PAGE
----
Explore Boboli gardens
This historic park was born as a garden of Palazzo Pitti and is connected to the Forte di Belvedere, a military forstress that guaranteed the safety of the sovereign and his family. It is one of the most important examples of Italian garden in the world, as well as an open-air museum that welcomes around 800,000 visitors every year. The ticket price, including the entrance to the Silver Museum, the Porcelain Museum and the Bardini Garden, is € 10. If you are going to buy pre-sales tickets online so you can skip the line, you will need to add 3 € for a total of 13 €.
Experience beauty at the Palatine Gallery in Palazzo Pitti
Palazzo Pitti alone would deserve at least a half-day visit to see the Royal Apartments, the Boboli Gardens with the attached museums and the Palatine Gallery. However, for a quick visit, which will leave you breathless anyway, you could only visit Palatine Gallery and Real Apartments. Located in the left wing of the palace, the gallery hosts masterpieces by Raphael, Tiziano, Caravaggio, Rubens, Pietro da Cortona and many other Italian and European masters of the Renaissance and the 17th century. The setting is gorgeous, with golden frames and frescoed fashions: if you love art, you can not miss the Palatine Gallery.
For me it was a great emotion to see so many paintings of artists who made the history of art, into such an opulent setting.
Tickets for Palatina Gallery cost 8,50 € but be careful: they can undergo variations in case of special events or temporary exhibitions. It is always best to ask before you buy your ticket!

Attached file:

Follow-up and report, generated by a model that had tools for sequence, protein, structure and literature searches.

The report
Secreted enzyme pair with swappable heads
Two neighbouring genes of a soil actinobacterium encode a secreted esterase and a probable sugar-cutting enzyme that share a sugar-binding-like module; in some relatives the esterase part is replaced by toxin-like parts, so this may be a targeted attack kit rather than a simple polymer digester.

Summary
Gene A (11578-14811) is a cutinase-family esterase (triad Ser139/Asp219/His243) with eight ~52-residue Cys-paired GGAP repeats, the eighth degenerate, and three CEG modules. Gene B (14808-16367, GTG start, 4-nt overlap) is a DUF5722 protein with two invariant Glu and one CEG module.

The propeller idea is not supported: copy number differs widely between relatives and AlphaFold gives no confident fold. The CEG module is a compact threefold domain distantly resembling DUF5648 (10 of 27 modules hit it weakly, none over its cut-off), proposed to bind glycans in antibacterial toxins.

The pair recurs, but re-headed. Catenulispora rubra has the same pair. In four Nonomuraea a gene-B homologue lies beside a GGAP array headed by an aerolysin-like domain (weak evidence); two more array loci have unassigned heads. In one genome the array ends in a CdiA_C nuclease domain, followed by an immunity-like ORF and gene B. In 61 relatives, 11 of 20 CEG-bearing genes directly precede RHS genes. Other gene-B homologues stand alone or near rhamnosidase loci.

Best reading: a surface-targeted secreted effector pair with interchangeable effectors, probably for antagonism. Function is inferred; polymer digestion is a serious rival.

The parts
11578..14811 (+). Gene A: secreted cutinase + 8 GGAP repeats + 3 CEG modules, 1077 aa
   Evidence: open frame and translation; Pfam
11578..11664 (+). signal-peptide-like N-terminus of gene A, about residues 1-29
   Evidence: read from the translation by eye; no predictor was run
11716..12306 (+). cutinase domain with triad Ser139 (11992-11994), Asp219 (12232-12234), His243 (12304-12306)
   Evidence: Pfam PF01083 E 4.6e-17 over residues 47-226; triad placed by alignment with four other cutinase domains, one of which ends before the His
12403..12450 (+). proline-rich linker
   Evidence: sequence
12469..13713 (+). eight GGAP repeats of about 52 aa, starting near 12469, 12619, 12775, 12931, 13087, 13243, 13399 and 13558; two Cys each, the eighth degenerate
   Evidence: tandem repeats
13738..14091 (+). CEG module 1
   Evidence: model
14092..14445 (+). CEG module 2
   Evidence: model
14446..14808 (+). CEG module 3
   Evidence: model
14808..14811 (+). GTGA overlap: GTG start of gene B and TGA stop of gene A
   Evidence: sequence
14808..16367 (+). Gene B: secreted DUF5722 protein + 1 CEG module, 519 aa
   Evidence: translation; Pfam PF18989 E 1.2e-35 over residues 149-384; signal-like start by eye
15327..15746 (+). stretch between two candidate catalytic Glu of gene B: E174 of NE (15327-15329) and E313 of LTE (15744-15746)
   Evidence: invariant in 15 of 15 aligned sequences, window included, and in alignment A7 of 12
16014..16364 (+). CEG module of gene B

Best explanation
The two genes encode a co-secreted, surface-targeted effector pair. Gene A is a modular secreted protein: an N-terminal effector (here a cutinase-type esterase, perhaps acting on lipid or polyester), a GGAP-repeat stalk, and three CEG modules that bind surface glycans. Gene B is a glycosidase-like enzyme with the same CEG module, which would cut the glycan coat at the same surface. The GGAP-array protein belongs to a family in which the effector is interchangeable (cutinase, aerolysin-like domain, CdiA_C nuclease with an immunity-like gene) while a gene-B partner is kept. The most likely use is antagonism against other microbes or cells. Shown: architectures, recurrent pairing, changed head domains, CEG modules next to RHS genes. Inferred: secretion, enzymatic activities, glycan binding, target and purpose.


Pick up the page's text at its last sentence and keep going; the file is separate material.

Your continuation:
Watch the Madonnari at work
Street artists who recreate great masterpieces (often religious scenes) on the sidewalks of the great metropolis are called “Madonnari” in Italy. In Florence we found some very good ones: it was very warm, yet despite them not being exactly young, they were kneeling on the floor to draw with their colored chalks, without worrying at all about the sun, the crowd of curious people, the passing of hours. This is kind of art is slowly dying: in Naples for example we have never seen Madonnari!
Take advantage of these artists in the wonderful setting of Florence. Observe them as they work, look at the dedication they put into each of their masterpieces. And if you can, when they’re done, give them an offer and a kind word: they are very happy to know that there are people who appreciate their art!
Have a delicious Italian Aperitivo
The Aperitivo is an alcoholic or non-alcoholic beverage that is consumed before meals to stimulate appetite and in Italy we just love to go out for an Aperitivo with our friends. It is usually accompanied by appetizers and finger food. The Negroni and the Spritz are the favorite Aperitivo in Tuscany. The best thing to do in Florence is to have it on a rooftop bar, on terraces with a view that will also allow you to take beautiful photos of the city. The dress code in this case is very rigid: no jeans or shorts. Dress appropriately for the swanky rooftop bars.
One of the most popular rooftop bars right now in Florence is B-Green on the Hotel Baglioni terrace: with 15 € you can have drinks, finger food gourmet and live music from Monday to Friday. If instead of Negroni you want to try Tuscan wines and craft beers, opt for Minerva Giò, on the roof of Hotel Minerva, in Piazza Santa Maria Novella.
… in short, we’ll have to sacrifice ourselves for the sake of a nice picture… right?
Still don’t know if you want to visit? Here you find a comparison between Rome and Florence to help you decide!
In case you’re visiting in the warmer months, check out our guide to learn what to wear in Italy in summer and how to avoid the most common travel mistakes!